Election surveys reveal voters' class biases

US Government SealBenjamin Sosnaud, a sociology major now studying at Harvard University, analyzed survey data from eight presidential elections with special attention to whether individuals subjectively identify with classes that are higher or lower than their objective class position. Ben was awarded the Harper-Simpson Award for the best senior thesis in his department: Reconceptualizing Class Politics: The Relationship Between Subjective Class Identity, Objective Class Position, and Vote Choice in American Elections.

“I was inspired to write my thesis because the relationship between social class and vote choice is a popular subject in our society,” said Ben. “I thought, however, that the fact that so many Americans identify with a social class that is different from the one that they actually occupy was an important, but overlooked aspect of this relationship. I found that there are significant differences between Americans' objective social class positions and their subjective class identities. I then tested the extent to which differences between objective and subjective class are linked to Democratic or Republican vote choice and found important patterns stemming from differences between African-American and White voters.

With the help of his advisor, Professor David Brady, Ben plans to work towards publication of the thesis in a sociological journal. In addition, he has collaborated with Professor Brady on an article about working class voting behavior that is currently under review for publication.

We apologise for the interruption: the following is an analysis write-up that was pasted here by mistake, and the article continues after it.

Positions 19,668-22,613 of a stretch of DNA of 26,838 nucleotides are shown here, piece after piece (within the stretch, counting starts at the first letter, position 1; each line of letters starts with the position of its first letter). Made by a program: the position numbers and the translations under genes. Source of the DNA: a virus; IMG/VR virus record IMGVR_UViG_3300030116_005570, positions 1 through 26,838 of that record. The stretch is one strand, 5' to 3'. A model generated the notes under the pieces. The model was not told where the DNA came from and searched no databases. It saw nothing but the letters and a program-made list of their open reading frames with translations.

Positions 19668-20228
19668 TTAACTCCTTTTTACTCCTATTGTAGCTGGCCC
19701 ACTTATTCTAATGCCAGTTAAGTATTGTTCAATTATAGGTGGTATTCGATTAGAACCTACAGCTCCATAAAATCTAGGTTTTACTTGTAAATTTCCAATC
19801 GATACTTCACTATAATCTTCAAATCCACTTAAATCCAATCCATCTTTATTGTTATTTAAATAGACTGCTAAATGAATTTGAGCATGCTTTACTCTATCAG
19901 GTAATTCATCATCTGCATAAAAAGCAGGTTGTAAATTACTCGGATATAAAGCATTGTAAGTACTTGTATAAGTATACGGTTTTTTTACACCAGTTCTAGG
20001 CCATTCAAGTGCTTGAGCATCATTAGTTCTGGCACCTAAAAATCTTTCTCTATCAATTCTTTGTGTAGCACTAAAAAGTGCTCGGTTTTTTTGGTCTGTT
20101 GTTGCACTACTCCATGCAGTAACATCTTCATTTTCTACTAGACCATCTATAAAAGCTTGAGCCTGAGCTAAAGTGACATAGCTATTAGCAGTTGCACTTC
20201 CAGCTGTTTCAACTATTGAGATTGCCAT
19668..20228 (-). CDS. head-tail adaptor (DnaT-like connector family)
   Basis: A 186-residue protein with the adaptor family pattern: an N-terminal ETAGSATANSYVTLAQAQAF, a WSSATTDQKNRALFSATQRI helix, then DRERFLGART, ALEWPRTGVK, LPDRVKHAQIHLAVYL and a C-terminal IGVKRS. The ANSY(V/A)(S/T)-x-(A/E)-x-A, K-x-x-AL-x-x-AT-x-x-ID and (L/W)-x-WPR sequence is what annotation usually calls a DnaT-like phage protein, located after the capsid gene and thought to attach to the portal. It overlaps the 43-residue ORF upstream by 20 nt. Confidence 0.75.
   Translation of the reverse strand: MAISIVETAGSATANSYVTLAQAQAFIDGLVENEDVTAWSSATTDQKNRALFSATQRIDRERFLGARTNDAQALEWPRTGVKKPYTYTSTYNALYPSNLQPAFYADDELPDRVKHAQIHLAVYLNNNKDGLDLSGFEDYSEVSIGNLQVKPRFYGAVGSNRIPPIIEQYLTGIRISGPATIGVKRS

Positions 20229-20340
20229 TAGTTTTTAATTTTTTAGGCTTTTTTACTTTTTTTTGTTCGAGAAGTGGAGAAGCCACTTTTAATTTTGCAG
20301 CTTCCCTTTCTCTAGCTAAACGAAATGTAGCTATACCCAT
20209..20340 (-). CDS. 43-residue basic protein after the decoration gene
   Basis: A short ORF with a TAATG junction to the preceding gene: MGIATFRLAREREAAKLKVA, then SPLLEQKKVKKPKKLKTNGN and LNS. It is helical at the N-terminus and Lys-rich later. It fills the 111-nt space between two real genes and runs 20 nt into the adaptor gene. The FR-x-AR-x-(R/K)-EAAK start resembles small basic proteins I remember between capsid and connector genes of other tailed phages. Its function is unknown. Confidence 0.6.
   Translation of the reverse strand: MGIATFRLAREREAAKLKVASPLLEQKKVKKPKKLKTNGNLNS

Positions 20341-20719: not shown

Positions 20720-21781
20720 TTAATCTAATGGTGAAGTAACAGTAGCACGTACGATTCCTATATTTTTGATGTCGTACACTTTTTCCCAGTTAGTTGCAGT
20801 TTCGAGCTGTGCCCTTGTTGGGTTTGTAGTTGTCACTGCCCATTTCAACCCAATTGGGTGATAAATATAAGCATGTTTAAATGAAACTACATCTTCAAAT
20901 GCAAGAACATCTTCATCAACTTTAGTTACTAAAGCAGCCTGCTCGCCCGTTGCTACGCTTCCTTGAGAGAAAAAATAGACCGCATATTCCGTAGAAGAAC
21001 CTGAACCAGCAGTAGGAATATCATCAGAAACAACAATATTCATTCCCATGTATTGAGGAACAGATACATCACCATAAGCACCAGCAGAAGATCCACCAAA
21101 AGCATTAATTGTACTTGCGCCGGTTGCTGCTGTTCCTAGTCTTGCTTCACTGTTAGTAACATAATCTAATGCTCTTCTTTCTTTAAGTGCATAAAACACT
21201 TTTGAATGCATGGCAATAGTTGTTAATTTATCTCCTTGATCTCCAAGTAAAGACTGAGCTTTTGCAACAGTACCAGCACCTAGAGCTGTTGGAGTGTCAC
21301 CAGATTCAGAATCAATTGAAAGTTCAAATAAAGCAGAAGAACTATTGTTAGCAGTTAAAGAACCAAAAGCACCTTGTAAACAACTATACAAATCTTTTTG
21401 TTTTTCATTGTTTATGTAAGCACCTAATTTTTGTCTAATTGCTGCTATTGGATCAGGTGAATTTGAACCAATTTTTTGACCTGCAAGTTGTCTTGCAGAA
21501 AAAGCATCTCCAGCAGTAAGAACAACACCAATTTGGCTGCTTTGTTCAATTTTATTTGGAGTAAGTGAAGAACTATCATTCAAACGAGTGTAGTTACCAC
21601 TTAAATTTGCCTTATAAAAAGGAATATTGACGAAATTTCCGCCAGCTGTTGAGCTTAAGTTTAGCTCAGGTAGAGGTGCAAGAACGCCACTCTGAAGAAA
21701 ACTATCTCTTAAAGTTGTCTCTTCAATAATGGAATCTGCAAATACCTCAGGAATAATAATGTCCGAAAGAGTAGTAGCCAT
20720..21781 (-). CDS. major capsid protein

“The thesis was a great chance for me to bring together my interests in sociology and political science and it helped me to develop my research abilities as I prepare to enter graduate school.”

Ben completed majors in sociology and political science and will be attending graduate school at Harvard in the fall to pursue a PhD in sociology. He was captain of the ultimate Frisbee B-team and a member of the Alpha Epsilon Pi fraternity.

“My interest in sociology stems from my interest in social inequality. I believe that our government has a responsibility to provide equal opportunities to its citizens, and I took a sociology course that helped me to appreciate the large-scale structural forces that produce stratification in a way that extends beyond the political system. Inspired by this course, I declared a sociology major, and it was one of the best and most important decisions of my Duke career.”